Lured By Langtang


Jan. 10, 2011, 5:45 p.m. Published in Magazine Issue: Vol.: 04 No .-14 Jan. 07-2011 (Poush 23,2067)

I had heard a lot about Langtang and its beauty. So, when Ashok  Bhurtyal from the Peoples Health Initiative (PHI) invited me to join his team to visit Langtang, I agreed.

“Are you sure you will have time to go with us?” Ashok asked several times to confirm I won’t change my mind about this long, difficult trip. I promised I was really eager to see the place which is so famous among trekkers.

Soon we were walking on the beautiful but difficult terrains from Syaphrubensi  to Langtang. In eight hours,  I was so tired  that I asked Ashok why they had chosen to go so far?  They could have organized their program somewhere near Kathmandu, perhaps a walk of 2 to 3 hours. 

I was told that Langtang was chosen to start the first health camp and research activity. A public health student had done his undergraduate research when people had asked if his thesis would help the local people. The public health student felt that it was a moral duty to conduct health program in that part so that he could give back to the community which helped him to conduct the research. Warm welcome, nutritious food and open discussions involving the local villagers were very helpful for the student and his team (PHI) to finish that. At the same time, the profound beauty of Langtang was found to be so  amazing for some of the health science (public health, medicine, pharmacy and nursing) students that they deiced to give back something to enjoy  this beauty and to help villagers.

Ashok told me his first visit to Langtang was in May 2003, when he aimed at hard trekking and climbing small peaks. “Unable to resist the temptation posed by the beauty of the land, I went again in September that year. In 2004 I went twice to research people’s livelihood activities and the nature conservation efforts,” he said.

“In October-November 2005, on my descent from Mt. Langtang Lirung, I fell off into the river, injured heavily my arm and spent a scary and painful night by the side of the freezing river, gazing the stars. The next day, I managed to climb back to the trail and arrived at the nearest settlement. Villagers advised me to see a traditional orthopedic healer (Amchi ) . The healer fixed my arm bone, it worked!”

 After this incident Ashok tried to find how the local Amchi (local doctor) did his job (which was like that of a medical doctor ) and also found that they had so much knowledge about the local  herbs and people used that  a lot in their daily lives. “In collaboration with medical students, we made it a point to visit Langtang at least once a year and to let people learn more about  lives and local traditional herbs  as well as to help people  of the villages here” Ashok explained .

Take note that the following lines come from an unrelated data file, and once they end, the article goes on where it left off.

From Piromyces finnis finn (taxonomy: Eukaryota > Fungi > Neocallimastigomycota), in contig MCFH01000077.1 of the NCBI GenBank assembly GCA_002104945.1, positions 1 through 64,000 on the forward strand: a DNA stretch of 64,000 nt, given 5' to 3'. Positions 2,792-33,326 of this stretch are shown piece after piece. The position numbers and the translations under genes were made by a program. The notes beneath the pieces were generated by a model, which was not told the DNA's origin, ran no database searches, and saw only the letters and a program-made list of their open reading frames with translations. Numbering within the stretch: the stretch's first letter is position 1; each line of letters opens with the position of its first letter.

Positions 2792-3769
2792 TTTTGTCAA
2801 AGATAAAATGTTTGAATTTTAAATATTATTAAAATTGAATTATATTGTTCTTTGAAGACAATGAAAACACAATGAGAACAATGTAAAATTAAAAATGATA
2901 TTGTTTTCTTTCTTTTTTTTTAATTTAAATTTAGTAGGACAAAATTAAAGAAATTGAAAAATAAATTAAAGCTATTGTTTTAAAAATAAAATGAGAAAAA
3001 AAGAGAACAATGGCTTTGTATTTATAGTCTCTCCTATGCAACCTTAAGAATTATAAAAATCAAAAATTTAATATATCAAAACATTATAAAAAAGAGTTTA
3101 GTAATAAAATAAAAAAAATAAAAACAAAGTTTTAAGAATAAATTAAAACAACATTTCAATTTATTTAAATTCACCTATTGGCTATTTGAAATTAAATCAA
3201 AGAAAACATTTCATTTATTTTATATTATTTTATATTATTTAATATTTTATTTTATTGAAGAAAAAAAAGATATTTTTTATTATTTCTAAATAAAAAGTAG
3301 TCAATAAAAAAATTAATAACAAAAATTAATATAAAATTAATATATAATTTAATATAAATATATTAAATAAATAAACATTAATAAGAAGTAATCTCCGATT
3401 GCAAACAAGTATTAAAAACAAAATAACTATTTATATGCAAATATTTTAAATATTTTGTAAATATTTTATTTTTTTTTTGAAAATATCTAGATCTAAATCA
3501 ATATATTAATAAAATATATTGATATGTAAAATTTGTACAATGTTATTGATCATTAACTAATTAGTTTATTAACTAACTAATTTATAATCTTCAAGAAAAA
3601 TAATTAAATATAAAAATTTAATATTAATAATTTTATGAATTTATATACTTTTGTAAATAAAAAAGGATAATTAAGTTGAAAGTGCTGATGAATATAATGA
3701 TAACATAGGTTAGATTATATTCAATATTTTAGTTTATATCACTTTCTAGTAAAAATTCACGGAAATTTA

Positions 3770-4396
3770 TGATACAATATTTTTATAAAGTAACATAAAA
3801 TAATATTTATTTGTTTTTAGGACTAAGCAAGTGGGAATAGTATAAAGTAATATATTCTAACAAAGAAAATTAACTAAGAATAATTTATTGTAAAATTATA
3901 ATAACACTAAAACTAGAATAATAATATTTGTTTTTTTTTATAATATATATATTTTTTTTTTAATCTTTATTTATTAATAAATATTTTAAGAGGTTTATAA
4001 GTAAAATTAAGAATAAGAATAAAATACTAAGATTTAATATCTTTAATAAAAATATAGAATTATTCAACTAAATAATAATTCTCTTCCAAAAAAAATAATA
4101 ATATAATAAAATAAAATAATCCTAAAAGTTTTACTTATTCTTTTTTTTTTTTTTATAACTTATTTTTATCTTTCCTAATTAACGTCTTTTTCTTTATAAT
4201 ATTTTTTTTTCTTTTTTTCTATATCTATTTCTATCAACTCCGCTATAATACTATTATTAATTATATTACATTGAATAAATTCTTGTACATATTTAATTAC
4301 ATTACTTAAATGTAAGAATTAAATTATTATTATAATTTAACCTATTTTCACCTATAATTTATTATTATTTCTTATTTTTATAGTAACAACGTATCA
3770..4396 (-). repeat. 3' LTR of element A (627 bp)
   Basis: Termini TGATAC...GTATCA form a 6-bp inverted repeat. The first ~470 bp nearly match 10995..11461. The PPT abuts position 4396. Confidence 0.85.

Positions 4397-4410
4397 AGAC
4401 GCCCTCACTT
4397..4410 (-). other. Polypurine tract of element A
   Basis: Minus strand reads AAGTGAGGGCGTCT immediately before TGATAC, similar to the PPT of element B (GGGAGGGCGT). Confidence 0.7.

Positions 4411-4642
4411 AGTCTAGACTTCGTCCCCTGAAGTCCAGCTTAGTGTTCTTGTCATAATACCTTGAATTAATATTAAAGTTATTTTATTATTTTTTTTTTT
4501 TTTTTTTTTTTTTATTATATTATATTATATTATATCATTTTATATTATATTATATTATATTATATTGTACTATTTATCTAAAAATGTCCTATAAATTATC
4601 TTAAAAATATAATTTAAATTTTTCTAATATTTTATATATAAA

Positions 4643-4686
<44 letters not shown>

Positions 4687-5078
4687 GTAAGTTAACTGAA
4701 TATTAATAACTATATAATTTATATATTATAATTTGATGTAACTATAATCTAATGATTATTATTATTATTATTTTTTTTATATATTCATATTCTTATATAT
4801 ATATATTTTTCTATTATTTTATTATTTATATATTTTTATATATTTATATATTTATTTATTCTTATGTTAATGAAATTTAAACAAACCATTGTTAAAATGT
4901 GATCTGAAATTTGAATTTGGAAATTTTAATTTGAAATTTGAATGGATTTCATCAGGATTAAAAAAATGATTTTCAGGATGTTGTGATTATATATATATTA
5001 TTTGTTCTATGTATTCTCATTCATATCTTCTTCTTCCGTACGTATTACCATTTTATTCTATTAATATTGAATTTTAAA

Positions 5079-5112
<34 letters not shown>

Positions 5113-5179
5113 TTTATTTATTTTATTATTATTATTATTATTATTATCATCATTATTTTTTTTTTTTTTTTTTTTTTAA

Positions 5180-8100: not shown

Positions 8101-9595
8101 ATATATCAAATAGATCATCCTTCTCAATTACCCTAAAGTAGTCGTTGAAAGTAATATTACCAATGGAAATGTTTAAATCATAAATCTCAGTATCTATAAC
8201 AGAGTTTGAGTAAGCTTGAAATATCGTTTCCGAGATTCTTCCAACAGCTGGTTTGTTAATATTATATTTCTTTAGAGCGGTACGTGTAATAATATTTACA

Indeed the program to help the people of Langtang went off quietly. It helped build the capacity of local people as well.

Ashok gave me more ideas about PHI work . “In  March 2007, a landless peasant from Langtang  joined Amchi training with assistance from PHI and a Tibetan medicine school in the Mt. Everest region. In May-June 2007, Langtang people and PHI started a campaign to improve health in Langtang. It was a mix of public health action and a medical camp. And then started the long-term program for improvement of health of villagers of Langtang.”

I was clearly able to see how people respected the members of PHI and how much they had hoped for their help. When the team came to the nearby village, the villagers were happy to greet it: “Wow, you have come again and brought doctors and medicines.”  Villagers offered hot tea and even asked if we wanted to have the ‘local tea,’ that is, the home made wine.

It was amazing how kind people were to appreciate the good deeds. I was constantly thinking, “How the mighty river there could be brought to Kathmandu so that the people in there  did not have to think about stealing water by water pumps at one O’Clock in the morning ( including myself)  and how could we learn from the people of Langtang to clean our roads.”

Water falls  in every corner of the long way to Langtang were astonishing and I hoped that for 2011, our government would be able to do some ads so that not only tourists but also Nepalese would be able to come to see these beautiful waterfalls, green trees, flowers and high mountains.

I remember Sri Lanka and Laos have some hills, mountains and small waterfalls. But the beautiful pictures  of these places, prepared by the government, more alluring to the tourists. Friends from various countries were so happy that they were dancing near the waterfalls and looking so cheerful.

In Langtang, I was wondering if those tourists would come to Nepal. What would they say or do here? In fact I have not seen any ads of Langtang. Still the flow of tourists in this area is much. I was surprised that without much publicity, this place is so much visited. With better publicity and better road from Kathmandu to Dhunche and Syaphrubensi, how many more tourists (both Nepali and foreigners ) would come here?

I had to walk about 15 hours when I was coming back from Langtang to Syaphrubensi , which was of  course a stupid idea as we had to walk through the jungle  at 7 O’Clock to 9 O’ Clock in the dark and we were exhausted to death. Then  my  toe nails were broken. I suffered from pain for one whole week.  Yet  the beauty of this place is so enchanting that I will go there again with my family members to enjoy the water falls , to learn about local  medical herbs and to talk to people about their lives and love stories, which is in every corner.  (She writes on women and gender issue)

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